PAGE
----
Mitigating the risk of the theft requires a robust program to control funds, negotiable instruments, records, accounting, financial information, and identity information. When dealing with third-patties, the key elements of control are: timely information about the use and status of your money, safeguards that give you control over disbursements, and deal documentation that assures you timely access to a remedy if things go south.
Similarly, controls in-house require strict limits on access to and transmittal of information, documents, negotiable instruments and checks; bank records and statements; billing and invoicing records; payment records; and the accounting ledgers. This should be supplemented by maintaining a secure record of all original documents and conducting scheduled and unscheduled reviews, sampling audits, "file dives" and e-searches. Employees and vendors should never have access and authority within the financial flow which is so broad or absolute that it defeats the control, review, and accountability procedures.
Lastly, controls should be supplemented with an educational program that demonstrates the company's commitment to managing its finances and locating and prosecuting offenders, if necessary. The educational program should also help encourage a culture of loyalty and mutual benefit that teaches that there is harm to all if one employee is allowed to steal and makes employees feel that they are part of a team.
There are really only two remedies to a theft: making an insurance claim and/or taking legal action. The primary remedy is access to (a) an insurance policy defalcation coverage limit and (b) a bond both with substantial limits. Embezzlers often burn up the stolen money in paying for their lifestyle. This leaves little in the way of assets to attach or liquidate when the theft is discovered. The embezzler also incurs income tax liability for the stolen money, which, under federal and local law, may have priority over your claim. In other words, the embezzler steals your money and then the government gets first shot at whatever is left when the theft is discovered. Preparation of an insurance claim is relatively quick, but it must be submitted in a timely manner. Most carriers require that a claim include evidence of the filing of a police complaint. Recovery sometimes involves punching through the usual insurance carrier "rope-a-dope."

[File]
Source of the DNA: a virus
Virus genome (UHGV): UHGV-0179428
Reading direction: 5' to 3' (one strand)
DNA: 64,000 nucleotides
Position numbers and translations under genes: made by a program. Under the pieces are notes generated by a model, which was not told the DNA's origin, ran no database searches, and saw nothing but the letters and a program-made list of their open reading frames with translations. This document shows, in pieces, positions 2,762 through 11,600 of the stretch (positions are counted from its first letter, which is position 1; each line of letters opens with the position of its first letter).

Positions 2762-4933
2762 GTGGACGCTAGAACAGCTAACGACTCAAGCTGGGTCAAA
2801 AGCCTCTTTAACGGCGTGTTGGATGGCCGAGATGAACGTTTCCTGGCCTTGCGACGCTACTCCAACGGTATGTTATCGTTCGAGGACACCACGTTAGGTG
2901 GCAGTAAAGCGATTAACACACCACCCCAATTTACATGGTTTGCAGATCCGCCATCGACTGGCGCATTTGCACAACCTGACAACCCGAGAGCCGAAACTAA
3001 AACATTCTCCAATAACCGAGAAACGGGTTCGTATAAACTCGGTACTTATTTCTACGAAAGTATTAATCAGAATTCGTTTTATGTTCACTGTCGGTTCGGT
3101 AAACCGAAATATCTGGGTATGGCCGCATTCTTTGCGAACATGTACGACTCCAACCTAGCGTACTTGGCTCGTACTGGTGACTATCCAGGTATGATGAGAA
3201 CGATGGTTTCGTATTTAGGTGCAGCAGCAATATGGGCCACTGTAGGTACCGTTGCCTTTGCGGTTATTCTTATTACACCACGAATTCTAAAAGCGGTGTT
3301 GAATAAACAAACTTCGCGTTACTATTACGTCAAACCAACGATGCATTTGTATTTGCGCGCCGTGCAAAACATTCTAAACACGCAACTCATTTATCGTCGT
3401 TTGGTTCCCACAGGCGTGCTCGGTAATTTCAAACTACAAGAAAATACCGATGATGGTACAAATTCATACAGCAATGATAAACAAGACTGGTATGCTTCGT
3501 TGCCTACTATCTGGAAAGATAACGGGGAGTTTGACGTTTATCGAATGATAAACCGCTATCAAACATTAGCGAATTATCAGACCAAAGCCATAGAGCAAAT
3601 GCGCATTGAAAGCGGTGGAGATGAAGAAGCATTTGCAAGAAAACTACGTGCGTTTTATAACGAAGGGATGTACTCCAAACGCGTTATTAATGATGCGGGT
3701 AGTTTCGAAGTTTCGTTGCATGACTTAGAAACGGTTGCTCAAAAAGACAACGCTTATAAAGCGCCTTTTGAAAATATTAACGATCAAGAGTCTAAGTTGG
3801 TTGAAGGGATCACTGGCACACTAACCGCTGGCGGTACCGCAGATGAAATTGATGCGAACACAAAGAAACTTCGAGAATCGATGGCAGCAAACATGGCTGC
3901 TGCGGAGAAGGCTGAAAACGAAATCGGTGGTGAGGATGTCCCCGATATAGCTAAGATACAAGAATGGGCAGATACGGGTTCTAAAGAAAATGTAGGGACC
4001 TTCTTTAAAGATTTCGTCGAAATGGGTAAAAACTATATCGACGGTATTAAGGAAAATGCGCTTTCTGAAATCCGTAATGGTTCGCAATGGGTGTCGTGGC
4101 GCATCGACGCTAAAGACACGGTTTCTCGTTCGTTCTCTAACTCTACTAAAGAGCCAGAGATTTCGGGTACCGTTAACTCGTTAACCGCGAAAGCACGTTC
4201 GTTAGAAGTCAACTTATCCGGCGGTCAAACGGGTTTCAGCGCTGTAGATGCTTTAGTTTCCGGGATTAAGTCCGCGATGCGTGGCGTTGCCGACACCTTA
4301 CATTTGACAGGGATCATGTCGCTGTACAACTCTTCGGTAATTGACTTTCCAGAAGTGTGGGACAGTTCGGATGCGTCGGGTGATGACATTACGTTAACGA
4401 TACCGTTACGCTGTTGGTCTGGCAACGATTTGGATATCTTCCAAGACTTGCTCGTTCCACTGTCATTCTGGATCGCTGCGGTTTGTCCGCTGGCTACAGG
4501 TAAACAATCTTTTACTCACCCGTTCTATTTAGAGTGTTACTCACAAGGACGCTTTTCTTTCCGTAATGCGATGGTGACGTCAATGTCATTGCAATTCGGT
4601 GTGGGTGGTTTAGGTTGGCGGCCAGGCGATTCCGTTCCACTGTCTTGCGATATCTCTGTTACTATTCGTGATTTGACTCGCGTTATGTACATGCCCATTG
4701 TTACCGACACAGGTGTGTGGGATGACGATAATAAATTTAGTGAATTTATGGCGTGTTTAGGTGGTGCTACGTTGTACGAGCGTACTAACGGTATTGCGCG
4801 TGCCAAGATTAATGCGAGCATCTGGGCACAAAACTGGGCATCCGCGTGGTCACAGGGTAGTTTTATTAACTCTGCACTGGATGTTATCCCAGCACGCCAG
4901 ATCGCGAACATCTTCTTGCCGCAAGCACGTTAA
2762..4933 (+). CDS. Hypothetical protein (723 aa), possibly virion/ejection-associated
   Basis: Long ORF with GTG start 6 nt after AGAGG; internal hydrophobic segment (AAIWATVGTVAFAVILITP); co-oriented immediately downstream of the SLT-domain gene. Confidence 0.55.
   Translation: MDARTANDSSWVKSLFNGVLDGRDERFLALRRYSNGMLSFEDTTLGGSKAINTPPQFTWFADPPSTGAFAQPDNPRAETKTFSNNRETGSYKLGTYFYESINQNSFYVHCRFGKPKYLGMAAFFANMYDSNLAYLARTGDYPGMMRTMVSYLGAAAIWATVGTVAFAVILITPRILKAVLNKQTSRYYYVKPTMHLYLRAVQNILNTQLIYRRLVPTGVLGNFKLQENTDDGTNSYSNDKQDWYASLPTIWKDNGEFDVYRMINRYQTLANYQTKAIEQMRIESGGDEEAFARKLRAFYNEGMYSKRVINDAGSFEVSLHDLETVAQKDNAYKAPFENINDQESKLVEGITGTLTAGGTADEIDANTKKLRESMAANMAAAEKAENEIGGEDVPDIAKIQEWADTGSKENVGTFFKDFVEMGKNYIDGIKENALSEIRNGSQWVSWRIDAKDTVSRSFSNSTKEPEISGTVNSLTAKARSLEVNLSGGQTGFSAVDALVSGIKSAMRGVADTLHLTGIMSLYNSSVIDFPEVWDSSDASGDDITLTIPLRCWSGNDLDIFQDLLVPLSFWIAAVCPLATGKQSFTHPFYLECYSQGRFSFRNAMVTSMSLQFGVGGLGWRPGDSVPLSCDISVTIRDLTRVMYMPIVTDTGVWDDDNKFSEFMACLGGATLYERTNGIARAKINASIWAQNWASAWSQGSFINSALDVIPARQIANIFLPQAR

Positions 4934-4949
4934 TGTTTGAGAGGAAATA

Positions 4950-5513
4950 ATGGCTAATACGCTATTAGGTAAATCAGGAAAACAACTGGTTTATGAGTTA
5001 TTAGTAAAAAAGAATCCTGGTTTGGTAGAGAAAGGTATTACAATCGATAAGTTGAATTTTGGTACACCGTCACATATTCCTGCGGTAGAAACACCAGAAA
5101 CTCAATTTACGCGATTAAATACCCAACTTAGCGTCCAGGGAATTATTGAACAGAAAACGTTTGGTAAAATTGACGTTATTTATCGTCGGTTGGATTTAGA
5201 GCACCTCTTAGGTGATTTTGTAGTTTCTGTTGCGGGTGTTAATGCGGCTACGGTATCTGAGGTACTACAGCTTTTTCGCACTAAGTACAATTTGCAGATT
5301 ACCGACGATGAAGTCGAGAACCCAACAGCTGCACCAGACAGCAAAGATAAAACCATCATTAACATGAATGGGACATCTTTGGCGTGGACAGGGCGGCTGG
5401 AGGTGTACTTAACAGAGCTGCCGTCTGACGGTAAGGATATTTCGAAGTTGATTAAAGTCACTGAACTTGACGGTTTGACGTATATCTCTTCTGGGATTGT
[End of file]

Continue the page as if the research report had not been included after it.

The secondary remedy is litigation. The victim may pursue a civil and/or a criminal claim. Recovery may be limited by the subrogation rights of a carrier making a policy claim payment, if an insurance claim is filed. A criminal claim may be best if: the embezzler's assets cannot be readily identified and located with date of bit1h and social security information; secured with a prejudgment attachment; the cost of hiring an attorney to pursue your claims is a prohibitive factor; or your priority is to create a public record, punish the thief, and prevent them from obtaining future work in a position of trust. Civil claims sometimes produce a better financial recovery. An embezzler may turn over assets, if they still have them, which are not otherwise available in order to avoid a referral to the government for prosecution. Legal ethics preclude making such a threat during negotiations. But embezzlers and their lawyers know that once they are caught, the threat of criminal prosecution exists.